Hunt for the black leopard continues

Launched in August last year, the Ingwe Leopard Project had the ambitious goal of finding a black leopard said to roam the Lydenburg area. No black leopard has yet been located, but five male adult leopards and four females have been found in an area of about 50,000ha. One female was seen together with two cubs estimated to be six months old. The leopards have been spotted by camera traps which have an infrared beam that triggers the camera when an animal walks by.

Gerrie Camacho, big cat specialist from the Mpumalanga Parks Board, says that he now has around 7,000 photographs of animals passing in front of the cameras. He has more than double that number of photographs containing images of insects and moving grass. The cameras are moved from place to place when necessary to cover a large area of land. This process has detected the same male leopard 13km away from where it was first spotted seven months ago, showing how large a leopard territory can be.

Although the research is not complete, Camacho says that a good deal of interesting information is being uncovered about leopards as well as the whole system. "This has been a quantum leap in the research of the system." He has observed that leopard behaviour seems to depend more on the availability of suitable habitat than on the amount of prey available. He says adjacent areas with similar prey density do not appear to have the same number of leopards if the habitat is different.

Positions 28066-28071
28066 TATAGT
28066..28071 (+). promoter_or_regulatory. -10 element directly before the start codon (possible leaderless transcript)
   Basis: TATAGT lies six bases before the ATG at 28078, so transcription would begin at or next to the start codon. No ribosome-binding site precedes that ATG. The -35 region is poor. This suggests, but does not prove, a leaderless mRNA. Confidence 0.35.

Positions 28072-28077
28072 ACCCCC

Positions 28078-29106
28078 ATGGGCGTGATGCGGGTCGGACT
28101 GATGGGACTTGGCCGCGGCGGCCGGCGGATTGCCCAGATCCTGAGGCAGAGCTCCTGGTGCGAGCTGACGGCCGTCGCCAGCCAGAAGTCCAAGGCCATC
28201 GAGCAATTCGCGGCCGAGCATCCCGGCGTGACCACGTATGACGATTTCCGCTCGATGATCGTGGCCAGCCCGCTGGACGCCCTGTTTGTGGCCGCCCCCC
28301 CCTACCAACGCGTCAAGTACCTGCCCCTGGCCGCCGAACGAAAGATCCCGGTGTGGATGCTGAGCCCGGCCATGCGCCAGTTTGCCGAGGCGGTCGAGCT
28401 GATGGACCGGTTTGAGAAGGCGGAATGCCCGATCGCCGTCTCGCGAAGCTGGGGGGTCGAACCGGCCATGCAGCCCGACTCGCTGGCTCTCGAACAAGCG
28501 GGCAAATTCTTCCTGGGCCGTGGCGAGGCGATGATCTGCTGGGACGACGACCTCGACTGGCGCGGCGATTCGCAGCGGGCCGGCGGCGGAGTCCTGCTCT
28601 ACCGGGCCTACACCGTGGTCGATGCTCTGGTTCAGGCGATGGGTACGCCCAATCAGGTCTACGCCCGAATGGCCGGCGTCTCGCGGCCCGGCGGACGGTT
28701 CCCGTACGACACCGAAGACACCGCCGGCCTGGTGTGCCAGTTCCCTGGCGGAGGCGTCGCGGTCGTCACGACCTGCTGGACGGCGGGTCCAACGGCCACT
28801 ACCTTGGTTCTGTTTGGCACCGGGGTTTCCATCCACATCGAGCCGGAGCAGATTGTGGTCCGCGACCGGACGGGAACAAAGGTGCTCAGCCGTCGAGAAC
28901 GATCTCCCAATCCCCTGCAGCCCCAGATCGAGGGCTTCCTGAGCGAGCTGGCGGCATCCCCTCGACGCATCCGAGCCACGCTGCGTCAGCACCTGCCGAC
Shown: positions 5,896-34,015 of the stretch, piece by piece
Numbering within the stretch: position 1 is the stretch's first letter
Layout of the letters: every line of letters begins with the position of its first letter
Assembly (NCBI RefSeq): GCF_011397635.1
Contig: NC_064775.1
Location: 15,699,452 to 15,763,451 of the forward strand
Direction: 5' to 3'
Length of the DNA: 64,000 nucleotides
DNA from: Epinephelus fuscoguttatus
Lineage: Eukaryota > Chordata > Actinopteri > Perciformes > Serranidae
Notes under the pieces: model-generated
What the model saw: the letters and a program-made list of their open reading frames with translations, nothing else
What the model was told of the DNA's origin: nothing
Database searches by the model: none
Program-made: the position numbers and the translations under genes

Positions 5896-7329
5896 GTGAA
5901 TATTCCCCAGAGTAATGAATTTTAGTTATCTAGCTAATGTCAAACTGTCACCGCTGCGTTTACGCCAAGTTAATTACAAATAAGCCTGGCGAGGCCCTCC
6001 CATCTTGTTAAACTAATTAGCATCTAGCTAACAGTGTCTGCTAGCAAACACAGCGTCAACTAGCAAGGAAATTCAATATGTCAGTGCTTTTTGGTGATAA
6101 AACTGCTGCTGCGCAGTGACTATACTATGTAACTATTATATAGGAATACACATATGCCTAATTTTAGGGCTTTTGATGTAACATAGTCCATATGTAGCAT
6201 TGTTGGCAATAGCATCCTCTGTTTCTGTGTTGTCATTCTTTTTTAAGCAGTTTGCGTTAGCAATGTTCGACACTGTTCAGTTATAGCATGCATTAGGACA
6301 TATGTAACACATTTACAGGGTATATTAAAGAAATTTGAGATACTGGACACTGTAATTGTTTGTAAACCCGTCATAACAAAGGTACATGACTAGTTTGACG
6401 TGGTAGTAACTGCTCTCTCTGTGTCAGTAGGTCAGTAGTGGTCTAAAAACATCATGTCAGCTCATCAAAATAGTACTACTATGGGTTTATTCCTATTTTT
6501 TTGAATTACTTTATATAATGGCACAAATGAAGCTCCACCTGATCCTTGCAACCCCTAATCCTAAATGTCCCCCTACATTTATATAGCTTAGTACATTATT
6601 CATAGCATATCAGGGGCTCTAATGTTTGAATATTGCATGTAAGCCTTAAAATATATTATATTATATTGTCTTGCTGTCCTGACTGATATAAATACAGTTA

He has also observed that open grasslands often contain nomadic young male leopards that are just "making a living", possibly until they are powerful enough to occupy a better leopard habitat. Camacho believes that the models that are currently being used to estimate leopard numbers in the country are overnumbering the population. He says that the only other animal captured on film that seems to be continuously distributed in a variety of habitats is the brown hyena. Other predators snapped by the cameras include caracal, black backed jackals and honeybadgers, but these only occur in isolated patches.

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